13. + +   NMOSFET IGvs.VGS Characteristic Consider the current IG (flowing into G) versus VGS : IG G S D VDS oxide semiconductor VGS IG The gate is insulated from the semiconductor, so there is no significant steady gate current. always zero! VGS

  14. The MOSFET as a Controlled Resistor • The MOSFET behaves as a resistor when VDS is low: • Drain current ID increases linearly with VDS • Resistance RDS between SOURCE & DRAIN depends on VGS • RDS is lowered as VGS increases above VT NMOSFET Example: oxide thickness tox ID VGS = 2 V VGS = 1 V > VT VDS Inversion charge density Qi(x) = -Cox[VGS-VT-V(x)] where Coxeox / tox IDS = 0 if VGS< VT

  15. V I _ + W t homogeneously doped sample L Sheet Resistance Revisited Consider a sample of n-type semiconductor: where Qn is the charge per unit area

  16. + +   VGS > VT zero if VGS< VT NMOSFET IDvs.VDS Characteristics Next consider ID (flowing into D) versus VDS, as VGS is varied: ID G S D VDS oxide semiconductor VGS ID Above threshold (VGS > VT): “inversion layer” of electrons appears, so conduction between S and D is possible VDS Below “threshold” (VGS < VT): no charge  no conduction

  17. MOSFET as a Controlled Resistor (cont’d) We can make RDS low by • applying a large “gate drive” (VGS VT) • making W large and/or L small average value of V(x)

  18. Charge in an N-Channel MOSFET VGS < VT: depletion region (no inversion layer at surface) VGS > VT : VDS  0 VDS > 0 (small) Average electron velocity v is proportional to lateral electric field E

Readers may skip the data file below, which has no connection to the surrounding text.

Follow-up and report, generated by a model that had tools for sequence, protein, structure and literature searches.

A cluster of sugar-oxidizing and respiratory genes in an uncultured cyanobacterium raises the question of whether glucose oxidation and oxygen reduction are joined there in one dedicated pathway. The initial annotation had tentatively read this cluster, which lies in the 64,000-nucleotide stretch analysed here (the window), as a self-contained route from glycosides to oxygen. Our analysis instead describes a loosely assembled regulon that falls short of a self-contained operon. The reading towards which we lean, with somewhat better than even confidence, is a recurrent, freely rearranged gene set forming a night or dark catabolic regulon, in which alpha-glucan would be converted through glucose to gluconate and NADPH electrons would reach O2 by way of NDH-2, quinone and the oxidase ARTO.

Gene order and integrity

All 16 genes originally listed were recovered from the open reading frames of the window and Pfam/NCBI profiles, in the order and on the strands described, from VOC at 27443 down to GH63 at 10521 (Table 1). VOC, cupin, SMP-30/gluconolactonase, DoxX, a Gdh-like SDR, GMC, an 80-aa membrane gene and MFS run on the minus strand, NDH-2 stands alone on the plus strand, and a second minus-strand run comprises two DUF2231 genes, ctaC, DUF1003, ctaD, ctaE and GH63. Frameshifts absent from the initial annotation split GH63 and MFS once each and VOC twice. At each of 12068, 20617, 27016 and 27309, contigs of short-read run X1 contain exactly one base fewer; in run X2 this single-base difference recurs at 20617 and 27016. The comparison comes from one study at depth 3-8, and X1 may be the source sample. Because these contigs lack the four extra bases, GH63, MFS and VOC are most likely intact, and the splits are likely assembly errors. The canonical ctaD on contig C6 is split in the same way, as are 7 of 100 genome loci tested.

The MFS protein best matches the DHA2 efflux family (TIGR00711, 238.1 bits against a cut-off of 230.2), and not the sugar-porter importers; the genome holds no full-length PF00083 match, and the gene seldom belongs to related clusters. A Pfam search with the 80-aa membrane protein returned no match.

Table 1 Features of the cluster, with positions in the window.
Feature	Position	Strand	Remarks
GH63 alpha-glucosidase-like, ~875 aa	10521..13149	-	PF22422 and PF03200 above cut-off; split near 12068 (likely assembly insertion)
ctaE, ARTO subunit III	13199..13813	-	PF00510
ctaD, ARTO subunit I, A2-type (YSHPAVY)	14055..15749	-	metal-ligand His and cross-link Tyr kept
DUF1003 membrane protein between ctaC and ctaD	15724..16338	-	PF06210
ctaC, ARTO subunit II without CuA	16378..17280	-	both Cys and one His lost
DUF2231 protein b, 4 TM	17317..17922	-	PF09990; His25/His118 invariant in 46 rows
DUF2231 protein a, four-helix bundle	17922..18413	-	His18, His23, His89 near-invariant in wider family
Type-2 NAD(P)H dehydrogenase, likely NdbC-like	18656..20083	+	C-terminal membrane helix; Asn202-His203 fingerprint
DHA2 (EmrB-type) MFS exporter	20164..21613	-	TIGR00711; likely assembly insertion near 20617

19. What Happens at Larger VDS? VGS > VT : VDS = VGS–VT Inversion-layer is “pinched-off” at the drain end VDS > VGS–VT • As VDS increases above VGS–VT VDSAT, • the length of the “pinch-off” region DL increases: • “extra” voltage (VDS – VDsat) is dropped across the distance DL • the voltage dropped across the inversion-layer “resistor” remains VDsat • the drain current ID saturates Note: Electrons are swept into the drain by the E-field when they enter the pinch-off region.

  20. Summary of IDvs.VDS • As VDS increases, the inversion-layer charge density at the drain end of the channel is reduced; therefore, ID does not increase linearly with VDS. • When VDS reaches VGS VT, the channel is “pinched off” at the drain end, and ID saturates (i.e. it does not increase with further increases in VDS). + – pinch-off region

  21. IDvs.VDS Characteristics • The MOSFET ID-VDS curve consists of two regions: • 1) Resistive or “Triode” Region: 0 < VDS < VGS VT • 2) Saturation Region: • VDS > VGS VT process transconductance parameter “CUTOFF” region: VG < VT

  22. Channel-Length Modulation • If L is small, the effect of DL to reduce the inversion-layer “resistor” length is significant • ID increases noticeably with DL (i.e. with VDS) ID ID= ID(1 + lVDS) l is the slope ID is the intercept VDS

  23. Velocity Saturation At high electric fields, the average velocity of carriers is NOT proportional to the field; it saturates at ~107 cm/sec for both electrons and holes:

  24. Current Saturation in Modern MOSFETs • In digital ICs, we typically use transistors with the shortest possible gate-length for high-speed operation. • In a very short-channel MOSFET, ID saturates because the carrier velocity is limited to ~107 cm/sec v is not proportional to E, due to velocity saturation

  25. Consequences of Velocity Saturation 1. ID is lower than that predicted by the mobility model 2. ID increases linearly with VGS VT rather than quadratically in the saturation region

  26. P-Channel MOSFET IDvs. VDS • As compared to an n-channel MOSFET, the signs of all the voltages and the currents are reversed: Note that the effects of velocity saturation are less pronounced than for an NMOSFET. Why is this the case? Short-channel PMOSFET I-V